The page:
A little anecdote…when I went to visit the church a few days ahead of time, Quentin had asked me to verify that there were indeed bells. He absolutely wanted to hear bells when leaving the church. :p I found that very touching.<3 And luckily, there were !
Throughout the ceremony, the sisters and brother in laws joined up to form a chorus in the church. Once again, I realised that each person had given their time and were invested in pleasing the happy couple. This is something that really touches me because I love my wedding couples and when I see that they are well supported, it warms my heart. <3
Leaving the church, the guests didn’t throw confetti as we often see them do. In an effort not to pollute the site, Marion had insisted that everyone threw lavender instead.
I found this gest very touching, not thinking just about oneself but also about the environment that sustains us.
Everyone respected Marion’s wishes and it was a very beautiful moment, and what’s more, it smelled lovely.
All the guests were then directed towards the family estate for a cocktail under the majestic plane trees.
Just the two of them for a quiet couple’s session…and knowing when to return
It’s at this moment that my first couple session took place. We took advantage of leaving the church to escape and the couple spent their first moments alone as husband and wife. This first session is intense, the pressure has finally eased up and I sense that they are both enjoying this moment of connection together. For me it’s always a moment that I love, I capture these precious moments that will always be remembered.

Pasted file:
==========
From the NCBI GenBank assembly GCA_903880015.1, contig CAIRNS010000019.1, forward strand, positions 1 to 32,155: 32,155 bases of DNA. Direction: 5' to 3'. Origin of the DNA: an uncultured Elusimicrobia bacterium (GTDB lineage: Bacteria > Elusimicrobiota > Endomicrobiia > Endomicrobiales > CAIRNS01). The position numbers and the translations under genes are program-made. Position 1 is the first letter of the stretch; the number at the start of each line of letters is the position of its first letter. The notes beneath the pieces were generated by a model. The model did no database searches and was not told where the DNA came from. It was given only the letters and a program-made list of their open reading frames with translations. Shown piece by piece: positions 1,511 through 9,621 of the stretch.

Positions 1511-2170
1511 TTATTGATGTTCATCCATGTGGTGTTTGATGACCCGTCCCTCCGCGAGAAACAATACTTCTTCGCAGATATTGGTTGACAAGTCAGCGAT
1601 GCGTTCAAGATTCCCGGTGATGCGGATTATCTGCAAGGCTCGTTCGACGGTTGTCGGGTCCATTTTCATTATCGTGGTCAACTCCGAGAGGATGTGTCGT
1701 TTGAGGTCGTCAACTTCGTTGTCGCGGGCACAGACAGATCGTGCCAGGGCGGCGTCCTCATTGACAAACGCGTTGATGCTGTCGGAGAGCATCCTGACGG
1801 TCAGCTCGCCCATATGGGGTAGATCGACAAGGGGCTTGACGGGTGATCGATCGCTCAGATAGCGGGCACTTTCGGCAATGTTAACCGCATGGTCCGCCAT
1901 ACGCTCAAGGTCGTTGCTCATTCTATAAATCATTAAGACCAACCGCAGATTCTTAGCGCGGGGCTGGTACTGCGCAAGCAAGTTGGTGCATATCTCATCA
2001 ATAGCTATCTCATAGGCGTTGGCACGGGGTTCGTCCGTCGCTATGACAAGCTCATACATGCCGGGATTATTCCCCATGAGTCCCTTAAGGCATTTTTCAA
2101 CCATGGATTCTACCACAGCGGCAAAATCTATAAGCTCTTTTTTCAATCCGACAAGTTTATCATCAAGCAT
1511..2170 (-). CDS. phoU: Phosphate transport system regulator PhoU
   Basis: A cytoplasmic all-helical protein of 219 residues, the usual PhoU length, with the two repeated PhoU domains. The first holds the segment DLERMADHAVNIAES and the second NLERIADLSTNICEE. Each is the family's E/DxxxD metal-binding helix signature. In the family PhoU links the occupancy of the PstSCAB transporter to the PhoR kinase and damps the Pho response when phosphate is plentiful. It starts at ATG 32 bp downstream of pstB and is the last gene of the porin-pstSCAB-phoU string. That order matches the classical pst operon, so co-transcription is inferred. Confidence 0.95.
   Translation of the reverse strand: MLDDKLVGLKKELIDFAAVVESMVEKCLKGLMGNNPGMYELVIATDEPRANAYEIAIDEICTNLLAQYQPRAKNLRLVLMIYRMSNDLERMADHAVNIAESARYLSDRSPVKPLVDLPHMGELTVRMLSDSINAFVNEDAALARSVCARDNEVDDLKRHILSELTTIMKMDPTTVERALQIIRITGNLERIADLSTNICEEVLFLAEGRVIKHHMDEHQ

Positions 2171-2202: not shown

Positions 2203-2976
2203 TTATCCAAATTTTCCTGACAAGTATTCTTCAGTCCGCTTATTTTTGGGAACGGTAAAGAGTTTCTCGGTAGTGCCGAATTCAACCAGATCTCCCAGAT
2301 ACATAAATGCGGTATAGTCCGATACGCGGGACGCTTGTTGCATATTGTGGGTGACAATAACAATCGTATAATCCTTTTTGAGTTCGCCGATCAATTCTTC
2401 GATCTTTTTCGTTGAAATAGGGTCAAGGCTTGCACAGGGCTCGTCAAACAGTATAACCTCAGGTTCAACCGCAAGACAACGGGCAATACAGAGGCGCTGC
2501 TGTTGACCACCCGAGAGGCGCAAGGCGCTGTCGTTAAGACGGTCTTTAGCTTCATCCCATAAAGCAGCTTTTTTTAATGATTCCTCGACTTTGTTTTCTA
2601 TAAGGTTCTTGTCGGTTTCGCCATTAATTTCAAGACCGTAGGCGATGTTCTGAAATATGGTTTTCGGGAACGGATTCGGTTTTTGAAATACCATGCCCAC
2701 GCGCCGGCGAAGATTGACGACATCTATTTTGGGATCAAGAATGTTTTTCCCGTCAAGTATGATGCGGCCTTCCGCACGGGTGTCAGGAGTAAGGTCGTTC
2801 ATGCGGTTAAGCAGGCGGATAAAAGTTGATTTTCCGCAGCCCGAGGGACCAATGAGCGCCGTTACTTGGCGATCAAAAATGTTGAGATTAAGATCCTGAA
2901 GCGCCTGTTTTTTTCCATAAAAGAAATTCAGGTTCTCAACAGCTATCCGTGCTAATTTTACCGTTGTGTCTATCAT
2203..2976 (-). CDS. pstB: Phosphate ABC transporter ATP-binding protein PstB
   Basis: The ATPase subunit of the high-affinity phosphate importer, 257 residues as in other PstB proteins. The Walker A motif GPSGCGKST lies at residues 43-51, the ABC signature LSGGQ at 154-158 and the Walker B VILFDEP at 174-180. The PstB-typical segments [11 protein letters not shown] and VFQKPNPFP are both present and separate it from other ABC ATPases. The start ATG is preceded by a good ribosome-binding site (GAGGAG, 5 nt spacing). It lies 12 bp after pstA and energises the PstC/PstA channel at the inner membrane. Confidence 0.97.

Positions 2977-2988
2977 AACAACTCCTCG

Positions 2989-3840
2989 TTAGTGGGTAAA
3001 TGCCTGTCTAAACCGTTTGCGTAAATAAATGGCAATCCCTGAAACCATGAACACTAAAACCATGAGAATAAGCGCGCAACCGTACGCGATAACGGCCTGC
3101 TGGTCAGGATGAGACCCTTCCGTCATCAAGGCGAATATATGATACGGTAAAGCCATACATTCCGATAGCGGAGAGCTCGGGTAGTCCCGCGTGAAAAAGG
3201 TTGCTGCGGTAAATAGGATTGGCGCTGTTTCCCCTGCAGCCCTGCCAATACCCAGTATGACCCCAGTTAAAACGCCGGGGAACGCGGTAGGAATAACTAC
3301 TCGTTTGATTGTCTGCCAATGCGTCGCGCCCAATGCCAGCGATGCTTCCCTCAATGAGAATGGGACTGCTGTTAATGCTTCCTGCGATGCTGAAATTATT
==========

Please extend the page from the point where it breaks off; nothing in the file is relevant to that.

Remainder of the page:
Arriving back for cocktails, I explore the venue, the tables, the decorations, and the dance floor…
Marion and Quentin wanted everything to take place outside and it’s true that all is transformed when under the shade of the plane trees.
They succeeded in relaying exactly what was important to them, from simplicity to refinement, to elegance.
I walked among the guests, when Quentin approached me and asked ‘Isn’t it now that we should be doing the second session? I really want to be alone with Marion!’
Aaahhh, it was so touching! So we left for the second couple’s session as the sun was at its lowest. It’s often at this moment that the light is the most intense, the most intimate. I felt that they were so happy to spend this moment with each other. I didn’t have to do much, I let them enjoy each other and I took the photos.